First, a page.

|Well-liked Junior Seau leaves many question behind after a long career. (Getty Images)|
Junior Seau liked to crack jokes. He was always funny. As I got to know him -- not extremely well but well enough -- he always had something funny to say. There were jokes about my growing up in Maryland. Quips about my various bad haircuts. Sometimes he'd call me Mike. Sometimes he'd call me Mark. Sometimes he called me Buddy because he couldn't remember Mike or Mark.
I knew Seau for much of his Hall of Fame-worthy pro career which traversed the beaches of California to the steely cold of New England. Everyone who played with Seau liked him. I mean everyone.
There was never a bad word out of his mouth about teammates. He was always smiling, giddy. Most of the media loved him because he was accessible. After someone dies there is always that sentiment but truly, everyone really liked Seau.
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"Extremely sad about the passing of Junior Seau," tweeted friend and fellow USC player Tony Boselli. "Just 3 weeks ago I spent the weekend w/him at USC. He was a great Trojan & will b missed!"
Former player Desmond Howard said, "I will always remember Junior Seau as an uplifting and positive force in the NFL."
Just three weeks ago people saw Seau and had no idea anything was wrong. But there may have been hints that his life was about to take a tragic turn, as it did when police say he was found in his home with a self-inflicted gunshot wound to the chest. Maybe we should have known that there was something else happening with Seau besides smiles and cracked jokes.
Two years ago Seau's car skidded off a 30-foot coastal bluff in Carlsbad, Calif. The incident happened after he was jailed for assaulting his girlfriend. There was speculation that Seau was trying to kill himself. He vehemently denied this.
"He would never try to harm himself or anyone else," his ex-wife, Gina Seau, said at the time. "He's fine. He's emotionally upset. No, he's not even emotionally upset. He's going to get through this, and he's going to move on."
We spoke months after the incident. He was the same. The jokes, the cracks, the niceness.
What happened, I asked?
Nothing buddy, he said. And he changed the subject quickly. It was back to the old Seau.
A close friend of Seau's, Mike Whitmarsh, who was an Olympic silver medalist in beach volleyball in 1996, committed suicide in 2009. Seau spoke at a memorial service at his restaurant for Whitmarsh. "If you came looking for answers," Seau said, "you won't find them here. All you're going to get here is a free Coors Light. Only Whitty and God know the answers, and we aren't going to see them for a while."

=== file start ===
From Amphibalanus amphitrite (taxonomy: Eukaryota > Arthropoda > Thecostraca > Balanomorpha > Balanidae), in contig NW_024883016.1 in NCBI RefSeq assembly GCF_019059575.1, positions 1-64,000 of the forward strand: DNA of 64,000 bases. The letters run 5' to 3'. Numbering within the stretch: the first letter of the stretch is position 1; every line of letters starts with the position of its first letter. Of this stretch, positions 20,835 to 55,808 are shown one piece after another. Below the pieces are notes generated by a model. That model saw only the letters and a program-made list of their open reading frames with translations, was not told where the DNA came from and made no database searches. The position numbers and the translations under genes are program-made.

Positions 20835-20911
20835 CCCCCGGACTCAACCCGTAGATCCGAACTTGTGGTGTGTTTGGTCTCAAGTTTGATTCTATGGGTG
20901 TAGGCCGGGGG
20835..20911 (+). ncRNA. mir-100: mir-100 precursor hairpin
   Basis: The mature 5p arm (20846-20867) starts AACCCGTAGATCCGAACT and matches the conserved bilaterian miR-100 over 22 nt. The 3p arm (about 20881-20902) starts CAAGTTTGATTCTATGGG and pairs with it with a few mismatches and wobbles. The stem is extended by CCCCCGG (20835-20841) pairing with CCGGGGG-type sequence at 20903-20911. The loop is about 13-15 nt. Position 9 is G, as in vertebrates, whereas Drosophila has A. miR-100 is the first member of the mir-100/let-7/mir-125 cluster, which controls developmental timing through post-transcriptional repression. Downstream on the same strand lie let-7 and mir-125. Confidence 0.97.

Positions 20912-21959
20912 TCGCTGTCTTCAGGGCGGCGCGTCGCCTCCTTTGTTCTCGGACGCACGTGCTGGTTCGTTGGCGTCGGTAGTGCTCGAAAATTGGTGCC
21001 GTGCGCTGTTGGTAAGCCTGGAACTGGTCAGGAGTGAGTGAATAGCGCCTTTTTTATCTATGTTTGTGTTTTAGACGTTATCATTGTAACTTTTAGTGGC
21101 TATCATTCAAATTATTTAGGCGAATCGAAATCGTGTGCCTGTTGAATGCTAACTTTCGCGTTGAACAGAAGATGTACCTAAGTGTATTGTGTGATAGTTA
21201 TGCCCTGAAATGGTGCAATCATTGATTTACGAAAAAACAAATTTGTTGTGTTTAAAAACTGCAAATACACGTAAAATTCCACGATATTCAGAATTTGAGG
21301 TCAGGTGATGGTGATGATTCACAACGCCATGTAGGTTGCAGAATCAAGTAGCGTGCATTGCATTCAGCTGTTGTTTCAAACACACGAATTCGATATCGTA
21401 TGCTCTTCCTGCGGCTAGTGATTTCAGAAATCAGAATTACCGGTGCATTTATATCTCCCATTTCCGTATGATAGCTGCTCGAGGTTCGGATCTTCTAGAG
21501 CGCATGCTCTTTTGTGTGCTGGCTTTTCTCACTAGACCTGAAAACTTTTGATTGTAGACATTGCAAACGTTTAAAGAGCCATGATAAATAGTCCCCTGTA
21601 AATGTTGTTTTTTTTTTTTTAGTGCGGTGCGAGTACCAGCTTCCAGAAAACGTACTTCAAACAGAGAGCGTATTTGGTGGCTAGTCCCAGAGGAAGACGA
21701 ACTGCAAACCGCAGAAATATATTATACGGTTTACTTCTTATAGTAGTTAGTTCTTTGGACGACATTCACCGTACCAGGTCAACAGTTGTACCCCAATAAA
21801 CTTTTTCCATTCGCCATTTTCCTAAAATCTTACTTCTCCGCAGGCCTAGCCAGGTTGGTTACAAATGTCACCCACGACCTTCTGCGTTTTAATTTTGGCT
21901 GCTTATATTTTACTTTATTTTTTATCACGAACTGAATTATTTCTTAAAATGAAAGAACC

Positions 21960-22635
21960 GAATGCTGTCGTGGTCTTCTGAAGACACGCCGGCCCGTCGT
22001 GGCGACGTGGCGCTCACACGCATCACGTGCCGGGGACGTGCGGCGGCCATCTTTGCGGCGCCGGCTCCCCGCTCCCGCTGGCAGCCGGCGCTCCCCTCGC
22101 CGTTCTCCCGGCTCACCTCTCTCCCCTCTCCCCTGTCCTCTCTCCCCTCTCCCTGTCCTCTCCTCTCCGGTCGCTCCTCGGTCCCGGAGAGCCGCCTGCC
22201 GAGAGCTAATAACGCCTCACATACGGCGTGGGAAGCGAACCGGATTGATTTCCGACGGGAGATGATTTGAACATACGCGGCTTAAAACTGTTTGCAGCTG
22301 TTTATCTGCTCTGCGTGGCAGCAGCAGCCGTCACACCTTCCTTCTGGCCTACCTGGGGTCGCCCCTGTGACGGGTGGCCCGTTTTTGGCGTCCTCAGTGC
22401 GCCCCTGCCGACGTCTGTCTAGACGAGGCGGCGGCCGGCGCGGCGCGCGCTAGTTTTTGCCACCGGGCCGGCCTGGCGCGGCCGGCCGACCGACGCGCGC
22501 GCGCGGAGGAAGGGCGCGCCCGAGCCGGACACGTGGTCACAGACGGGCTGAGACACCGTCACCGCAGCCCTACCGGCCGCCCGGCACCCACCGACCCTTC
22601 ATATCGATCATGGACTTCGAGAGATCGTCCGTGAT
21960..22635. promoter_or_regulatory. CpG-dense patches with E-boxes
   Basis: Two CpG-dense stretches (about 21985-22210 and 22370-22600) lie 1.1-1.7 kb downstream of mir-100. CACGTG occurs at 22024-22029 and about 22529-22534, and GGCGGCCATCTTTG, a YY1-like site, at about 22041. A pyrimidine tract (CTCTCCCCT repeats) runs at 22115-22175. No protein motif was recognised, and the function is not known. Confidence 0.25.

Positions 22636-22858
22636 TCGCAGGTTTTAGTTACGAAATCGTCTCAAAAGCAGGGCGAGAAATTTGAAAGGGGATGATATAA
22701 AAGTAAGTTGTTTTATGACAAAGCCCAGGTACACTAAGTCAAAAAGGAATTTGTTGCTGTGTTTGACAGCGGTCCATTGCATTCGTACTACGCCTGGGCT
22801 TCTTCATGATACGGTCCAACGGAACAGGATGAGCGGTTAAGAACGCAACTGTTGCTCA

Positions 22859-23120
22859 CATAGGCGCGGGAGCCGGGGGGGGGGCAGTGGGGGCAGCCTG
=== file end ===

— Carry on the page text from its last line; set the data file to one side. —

I saw Seau do things that only a few linebackers could. He made the 1990s all-decade team and possessed the bulk, athleticism and speed that put him almost in the same class as Ray Lewis or Lawrence Taylor. Not quite, but almost, which is pretty damn good.
More important than that, I saw Seau treat people with respect while he forged a great career. The incident of alleged domestic violence was ugly but for the most part this was a player who loved football and much of the time refused to take himself too seriously in a sport that often does.
Moments like these make you replay all of the scenes in your head when you spoke to Seau. What exactly was I seeing? Was everything Seau presented not real? Was he hiding something much darker? Did the game that made him wealthy and an athletic hero also screw with his mind? Did the sport that he gave everything to steal everything in the end?
We don't know and it's premature to speculate what effect football may have had on his emotional state. But I have a feeling this won't be the last time we talk about Seau in the context of what football does to the human mind.
Most people, for now, are going to say this: they didn't see this coming. The guy that was always happy and cracking jokes ... didn't see it. Maybe someone who knew Seau's secrets will say something different, but it seems unlikely.
For now, for right now -- I'll remember his jokes.
And that gigantic smile that never seemed to stop.